For those who don't really have trouble putting on weight but may need a little extra protein for gaining muscle mass there are the protein powders. The most popular form today is Whey protein. Whey protein comes from milk, or more specifically milk whey.
It is comprised of reasonably short chains of amino acids making it very quick to digest and get absorbed. It also seems to have a close to ideal ratio of amino acids to support muscle growth. Whey protein products also tend to taste quite a bit better than most other forms.
There are many other protein powders on the market like soy (especially cheap for those on a budget!), egg, milk and combination products. Each has its own set of advantages and disadvantages. Soy protein, for example, is very cheap and is an all vegetable product, great for the vegetarians out there.
It is a complete protein and has very little taste which means it can be mixed with just about anything. In addition, it comes with a host of health benefits that no other protein can match.
But, it is somewhat lacking in its profile of essential amino acids making it somewhat limited in its use as a sole source of protein. If you decide to go with soy, I recommend that you use it in combination with whole food at each serving or combine it with another protein product.
For many years, egg protein was considered the best source. It is still the best natural source. It has a complete protein profile and is easily digested and absorbed. For the most part though, egg protein powders are fairly expensive and tend to taste pretty awful.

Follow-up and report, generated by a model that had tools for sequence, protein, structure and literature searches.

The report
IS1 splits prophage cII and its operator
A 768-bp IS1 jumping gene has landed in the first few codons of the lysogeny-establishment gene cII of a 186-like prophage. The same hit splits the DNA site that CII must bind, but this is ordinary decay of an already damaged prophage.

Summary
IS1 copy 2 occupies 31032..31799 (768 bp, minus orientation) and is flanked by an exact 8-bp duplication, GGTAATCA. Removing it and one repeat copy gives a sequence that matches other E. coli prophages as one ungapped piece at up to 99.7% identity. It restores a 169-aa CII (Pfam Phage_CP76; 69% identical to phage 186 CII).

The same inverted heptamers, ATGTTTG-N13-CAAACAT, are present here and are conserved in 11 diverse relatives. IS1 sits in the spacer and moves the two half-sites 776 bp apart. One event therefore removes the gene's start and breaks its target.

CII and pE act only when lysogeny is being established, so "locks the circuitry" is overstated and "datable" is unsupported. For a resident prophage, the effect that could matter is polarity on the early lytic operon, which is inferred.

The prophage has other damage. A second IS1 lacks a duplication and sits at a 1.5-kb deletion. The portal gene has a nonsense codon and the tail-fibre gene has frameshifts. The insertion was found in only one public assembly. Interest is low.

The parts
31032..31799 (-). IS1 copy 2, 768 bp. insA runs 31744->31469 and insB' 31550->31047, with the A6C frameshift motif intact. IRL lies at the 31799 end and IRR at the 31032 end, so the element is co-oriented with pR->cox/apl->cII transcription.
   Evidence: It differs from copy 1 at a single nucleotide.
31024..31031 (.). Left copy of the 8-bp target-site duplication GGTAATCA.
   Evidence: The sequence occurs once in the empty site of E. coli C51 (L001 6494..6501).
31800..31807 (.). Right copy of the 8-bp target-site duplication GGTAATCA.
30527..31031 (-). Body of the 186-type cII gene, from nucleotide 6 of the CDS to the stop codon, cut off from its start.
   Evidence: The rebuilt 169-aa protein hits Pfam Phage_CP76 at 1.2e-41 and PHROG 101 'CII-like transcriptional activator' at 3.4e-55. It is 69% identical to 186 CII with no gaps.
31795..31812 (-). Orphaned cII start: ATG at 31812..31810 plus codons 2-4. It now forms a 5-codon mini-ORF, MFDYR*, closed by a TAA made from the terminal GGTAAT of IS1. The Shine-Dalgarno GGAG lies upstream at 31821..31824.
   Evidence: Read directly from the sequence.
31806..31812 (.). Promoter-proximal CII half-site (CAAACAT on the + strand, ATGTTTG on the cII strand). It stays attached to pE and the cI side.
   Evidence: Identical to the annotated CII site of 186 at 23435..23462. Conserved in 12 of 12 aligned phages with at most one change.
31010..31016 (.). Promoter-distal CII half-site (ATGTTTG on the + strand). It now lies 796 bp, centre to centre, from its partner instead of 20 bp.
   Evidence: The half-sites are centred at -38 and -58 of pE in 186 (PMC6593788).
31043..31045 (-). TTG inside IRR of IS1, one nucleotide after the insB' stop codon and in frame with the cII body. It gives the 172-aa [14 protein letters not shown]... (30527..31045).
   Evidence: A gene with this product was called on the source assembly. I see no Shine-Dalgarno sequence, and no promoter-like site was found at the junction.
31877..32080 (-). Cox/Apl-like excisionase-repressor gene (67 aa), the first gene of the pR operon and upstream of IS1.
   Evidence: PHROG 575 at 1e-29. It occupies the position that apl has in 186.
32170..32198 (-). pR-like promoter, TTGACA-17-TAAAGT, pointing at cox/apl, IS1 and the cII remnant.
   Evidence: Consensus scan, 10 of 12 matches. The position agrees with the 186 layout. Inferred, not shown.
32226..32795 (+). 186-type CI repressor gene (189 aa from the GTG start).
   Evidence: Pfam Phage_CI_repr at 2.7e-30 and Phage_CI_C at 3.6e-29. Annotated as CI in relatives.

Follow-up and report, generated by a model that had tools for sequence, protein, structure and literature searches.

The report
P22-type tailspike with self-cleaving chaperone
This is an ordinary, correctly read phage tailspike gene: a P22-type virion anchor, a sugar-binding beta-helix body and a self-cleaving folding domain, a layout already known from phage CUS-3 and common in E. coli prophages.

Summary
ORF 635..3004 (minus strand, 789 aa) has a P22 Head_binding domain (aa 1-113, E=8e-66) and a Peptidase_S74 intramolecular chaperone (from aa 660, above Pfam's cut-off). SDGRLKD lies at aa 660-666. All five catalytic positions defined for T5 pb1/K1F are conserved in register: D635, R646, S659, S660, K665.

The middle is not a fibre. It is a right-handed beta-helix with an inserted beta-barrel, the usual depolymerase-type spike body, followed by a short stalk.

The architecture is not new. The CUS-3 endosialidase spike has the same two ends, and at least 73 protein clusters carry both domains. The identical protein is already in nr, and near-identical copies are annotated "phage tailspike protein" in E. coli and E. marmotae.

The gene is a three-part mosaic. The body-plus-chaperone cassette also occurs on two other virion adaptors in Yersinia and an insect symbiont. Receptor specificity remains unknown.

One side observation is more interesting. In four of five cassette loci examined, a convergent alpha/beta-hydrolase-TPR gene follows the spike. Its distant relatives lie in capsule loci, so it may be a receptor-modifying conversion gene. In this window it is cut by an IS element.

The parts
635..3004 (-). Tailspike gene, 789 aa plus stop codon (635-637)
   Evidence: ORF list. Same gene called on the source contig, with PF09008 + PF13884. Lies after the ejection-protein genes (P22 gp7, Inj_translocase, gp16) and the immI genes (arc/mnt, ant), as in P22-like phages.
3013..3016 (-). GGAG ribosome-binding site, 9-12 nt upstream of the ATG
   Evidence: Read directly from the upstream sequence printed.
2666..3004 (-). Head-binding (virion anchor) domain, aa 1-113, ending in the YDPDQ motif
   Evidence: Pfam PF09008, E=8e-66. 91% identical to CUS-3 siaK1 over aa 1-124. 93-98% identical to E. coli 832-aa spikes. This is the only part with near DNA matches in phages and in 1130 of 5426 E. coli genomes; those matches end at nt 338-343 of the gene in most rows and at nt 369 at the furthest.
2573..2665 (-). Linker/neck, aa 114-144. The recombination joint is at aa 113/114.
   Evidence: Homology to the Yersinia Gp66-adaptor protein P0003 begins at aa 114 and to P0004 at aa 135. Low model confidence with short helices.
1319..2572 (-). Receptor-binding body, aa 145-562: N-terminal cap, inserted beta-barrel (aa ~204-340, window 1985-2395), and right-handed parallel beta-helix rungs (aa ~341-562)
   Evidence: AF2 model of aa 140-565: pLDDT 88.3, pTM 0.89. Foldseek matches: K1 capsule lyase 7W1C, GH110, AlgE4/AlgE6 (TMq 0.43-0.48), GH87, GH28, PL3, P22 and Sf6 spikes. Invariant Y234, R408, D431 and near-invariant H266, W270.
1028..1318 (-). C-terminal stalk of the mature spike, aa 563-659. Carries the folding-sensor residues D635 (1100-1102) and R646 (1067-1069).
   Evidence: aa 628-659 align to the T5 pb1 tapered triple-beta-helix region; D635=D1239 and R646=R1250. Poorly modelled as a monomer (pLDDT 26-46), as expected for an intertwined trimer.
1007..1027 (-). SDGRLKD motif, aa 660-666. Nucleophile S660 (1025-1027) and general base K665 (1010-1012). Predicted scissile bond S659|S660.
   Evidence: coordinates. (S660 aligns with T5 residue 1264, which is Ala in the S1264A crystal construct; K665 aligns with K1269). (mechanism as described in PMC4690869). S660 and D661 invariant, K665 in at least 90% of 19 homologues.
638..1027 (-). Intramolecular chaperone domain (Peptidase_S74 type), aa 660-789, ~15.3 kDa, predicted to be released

Why bother, then, when whey protein powders are reasonably priced and taste much better? The other option of eating a lot of eggs is a reasonable one but, believe me, you'll soon learn to dislike eggs if you begin eating a couple of dozen a day! Not to mention the fat contained in them.
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Milk has been used by generations of bodybuilders to gain mass. It is probably still the most convenient and easy to use "supplement" available. It contains complete protein which is slowly digested and absorbed over several hours. This makes it ideal for day to day protein consumption between meals as you get a steady feed of amino acids into the blood over the course of the day.
The added benefit here is that even when you don't have time to mix a shake or eat a meal you could always grab a liter of milk at the nearest corner store and make a snack out of it. A liter of milk contains 32 grams of protein, and 48 grams of carbohydrate and depending on you goals the fat can be controlled by buying different levels from skimmed (0.1%) to whole (3.3%).
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It's also even available in a powdered milk protein form, but my question would be why bother? Milk is convenient, cheap and available. Don't mess with a good thing.